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Daily News 28 June 2011 – http://www.dailynews.lk/2011/06/28/fea15.asp

Palestinian militants from Hamas

I used to wonder about how the United States could possibly support Israel so excessively , to the extent of blocking UN resolutions which even the Europeans supported. Surely they must understand that what seems such blatantly unjust partisanship will continue to upset the Muslim world, and contribute to increasing radicalization of all those with political or moral understanding. And while many people, even though they feel a burning sense of injustice, will think that nothing can be done, and keep quiet, those with devout religious fervor will feel obliged to act. What they do might be appalling, but they will excuse themselves on the grounds that they are not acting but reacting.

A bright if somewhat cynical British friend provided one explanation when he said that American politics is dominated now by what he termed Premillenial Dispensationalists. These believe that the end of the world foretold in the Book of Revelations requires that Israel expand massively, after which we shall be visited by the Four Horsemen of the Apocalypse. The world as we know it having been destroyed, God will then resurrect the Chosen, though according to my friend this will not include any of the Jews, since they have not accepted Christ.

Right-wing Israeli extremist Baruch Marzel (C) leads a provocative march with flags March 24, 2009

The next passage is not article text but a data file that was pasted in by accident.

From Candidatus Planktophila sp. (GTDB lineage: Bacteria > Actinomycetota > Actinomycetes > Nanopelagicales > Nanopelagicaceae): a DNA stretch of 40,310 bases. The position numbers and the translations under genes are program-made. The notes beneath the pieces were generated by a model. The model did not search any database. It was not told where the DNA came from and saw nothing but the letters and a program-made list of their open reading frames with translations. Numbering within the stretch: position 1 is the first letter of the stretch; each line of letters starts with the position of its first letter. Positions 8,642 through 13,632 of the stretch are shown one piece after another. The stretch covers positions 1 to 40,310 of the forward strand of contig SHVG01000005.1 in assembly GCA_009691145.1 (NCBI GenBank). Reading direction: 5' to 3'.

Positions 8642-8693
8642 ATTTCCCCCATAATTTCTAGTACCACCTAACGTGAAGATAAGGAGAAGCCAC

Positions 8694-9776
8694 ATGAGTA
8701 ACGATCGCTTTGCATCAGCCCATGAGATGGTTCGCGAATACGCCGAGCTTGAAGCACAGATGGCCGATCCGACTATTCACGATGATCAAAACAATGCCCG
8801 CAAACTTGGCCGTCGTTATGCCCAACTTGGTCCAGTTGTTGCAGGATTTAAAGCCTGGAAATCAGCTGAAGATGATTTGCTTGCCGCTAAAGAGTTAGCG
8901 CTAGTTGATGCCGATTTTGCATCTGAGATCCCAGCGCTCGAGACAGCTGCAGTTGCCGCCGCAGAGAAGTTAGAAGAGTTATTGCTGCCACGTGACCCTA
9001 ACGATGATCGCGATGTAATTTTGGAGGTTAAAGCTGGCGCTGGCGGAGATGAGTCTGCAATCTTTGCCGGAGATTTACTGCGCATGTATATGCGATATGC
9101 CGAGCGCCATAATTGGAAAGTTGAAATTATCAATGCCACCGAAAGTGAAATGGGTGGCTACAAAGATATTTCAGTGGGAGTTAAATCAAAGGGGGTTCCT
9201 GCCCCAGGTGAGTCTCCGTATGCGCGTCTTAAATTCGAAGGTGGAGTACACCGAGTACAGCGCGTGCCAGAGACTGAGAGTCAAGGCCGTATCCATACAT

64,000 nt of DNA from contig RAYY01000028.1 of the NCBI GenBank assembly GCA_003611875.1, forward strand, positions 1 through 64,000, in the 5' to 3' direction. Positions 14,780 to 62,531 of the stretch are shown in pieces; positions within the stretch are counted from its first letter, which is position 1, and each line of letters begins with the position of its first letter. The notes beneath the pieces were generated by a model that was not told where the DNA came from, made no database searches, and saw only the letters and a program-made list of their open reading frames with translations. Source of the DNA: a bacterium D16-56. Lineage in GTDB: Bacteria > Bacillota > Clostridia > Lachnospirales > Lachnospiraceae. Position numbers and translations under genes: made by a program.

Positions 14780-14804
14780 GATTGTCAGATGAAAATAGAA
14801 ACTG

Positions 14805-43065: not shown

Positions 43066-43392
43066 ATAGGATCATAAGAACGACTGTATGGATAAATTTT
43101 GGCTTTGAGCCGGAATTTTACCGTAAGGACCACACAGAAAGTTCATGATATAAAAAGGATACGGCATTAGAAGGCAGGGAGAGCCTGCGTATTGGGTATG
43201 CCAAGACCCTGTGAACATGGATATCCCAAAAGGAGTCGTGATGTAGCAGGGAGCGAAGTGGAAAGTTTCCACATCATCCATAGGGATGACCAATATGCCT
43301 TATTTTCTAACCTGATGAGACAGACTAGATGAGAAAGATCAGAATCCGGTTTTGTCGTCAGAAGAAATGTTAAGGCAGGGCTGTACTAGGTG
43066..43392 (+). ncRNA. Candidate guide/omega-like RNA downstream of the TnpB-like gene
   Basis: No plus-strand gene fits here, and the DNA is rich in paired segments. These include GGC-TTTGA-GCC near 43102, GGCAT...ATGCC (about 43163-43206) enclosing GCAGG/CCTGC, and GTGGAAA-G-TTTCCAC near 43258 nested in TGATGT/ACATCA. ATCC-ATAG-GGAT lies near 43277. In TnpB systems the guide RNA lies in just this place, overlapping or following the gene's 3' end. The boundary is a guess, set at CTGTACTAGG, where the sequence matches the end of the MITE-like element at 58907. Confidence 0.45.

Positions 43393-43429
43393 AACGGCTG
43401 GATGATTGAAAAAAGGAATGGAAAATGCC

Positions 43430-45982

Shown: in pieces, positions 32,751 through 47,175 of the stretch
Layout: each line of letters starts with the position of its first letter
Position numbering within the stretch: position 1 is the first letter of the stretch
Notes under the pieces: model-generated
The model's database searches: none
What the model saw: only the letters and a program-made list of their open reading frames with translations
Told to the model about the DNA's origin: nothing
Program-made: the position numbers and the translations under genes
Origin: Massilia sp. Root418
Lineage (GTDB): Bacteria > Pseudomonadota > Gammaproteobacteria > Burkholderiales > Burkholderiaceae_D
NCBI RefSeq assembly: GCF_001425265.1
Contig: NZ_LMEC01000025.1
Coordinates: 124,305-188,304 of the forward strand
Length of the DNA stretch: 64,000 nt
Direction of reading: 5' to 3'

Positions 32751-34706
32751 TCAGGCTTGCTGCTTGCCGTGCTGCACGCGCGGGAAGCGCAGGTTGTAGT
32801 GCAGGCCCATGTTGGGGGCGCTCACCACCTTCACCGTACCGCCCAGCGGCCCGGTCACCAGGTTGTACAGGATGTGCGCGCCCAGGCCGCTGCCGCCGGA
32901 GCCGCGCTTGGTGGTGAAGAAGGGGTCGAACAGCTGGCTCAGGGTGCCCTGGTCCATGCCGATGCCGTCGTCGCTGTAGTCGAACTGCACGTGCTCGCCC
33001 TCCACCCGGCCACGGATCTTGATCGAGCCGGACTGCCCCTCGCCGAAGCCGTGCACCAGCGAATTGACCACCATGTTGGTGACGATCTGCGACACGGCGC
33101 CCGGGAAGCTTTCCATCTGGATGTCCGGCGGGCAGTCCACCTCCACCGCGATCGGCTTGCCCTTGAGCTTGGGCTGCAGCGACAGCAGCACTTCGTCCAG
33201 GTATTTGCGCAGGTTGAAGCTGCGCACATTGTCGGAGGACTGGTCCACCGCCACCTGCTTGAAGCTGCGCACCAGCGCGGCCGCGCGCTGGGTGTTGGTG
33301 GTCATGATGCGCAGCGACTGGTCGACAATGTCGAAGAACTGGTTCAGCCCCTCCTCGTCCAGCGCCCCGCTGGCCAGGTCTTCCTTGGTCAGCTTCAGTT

The theory seemed to me quite potty, but he assured me that, while possibly even the most extreme Israeli politicians would be content simply to take over all of Palestine, the American extremists wanted them to conquer much more of the area, extending downwards into Africa too. Their aim would ultimately lead to the destruction of the Jews, but meanwhile they needed extremist Israelis, who were quite happy to go along with them, if not only for the ride.

Dotty though all this sounds, I found what I can only describe as a more nuanced version of this approach when I read ‘Murder in Samarkand’ by Craig Murray, who had served as British ambassador to Uzbekistan. He was sacked for his pains, largely he believes because he objected to British connivance in gross human rights abuses by the regime. The book he published in 2006 suggests that this was largely because the Blair government had fallen in completely with American policy in the region, and that the Americans, and because of them Tony Blair himself, were actively involved in his dismissal.

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Rajiva Wijesinha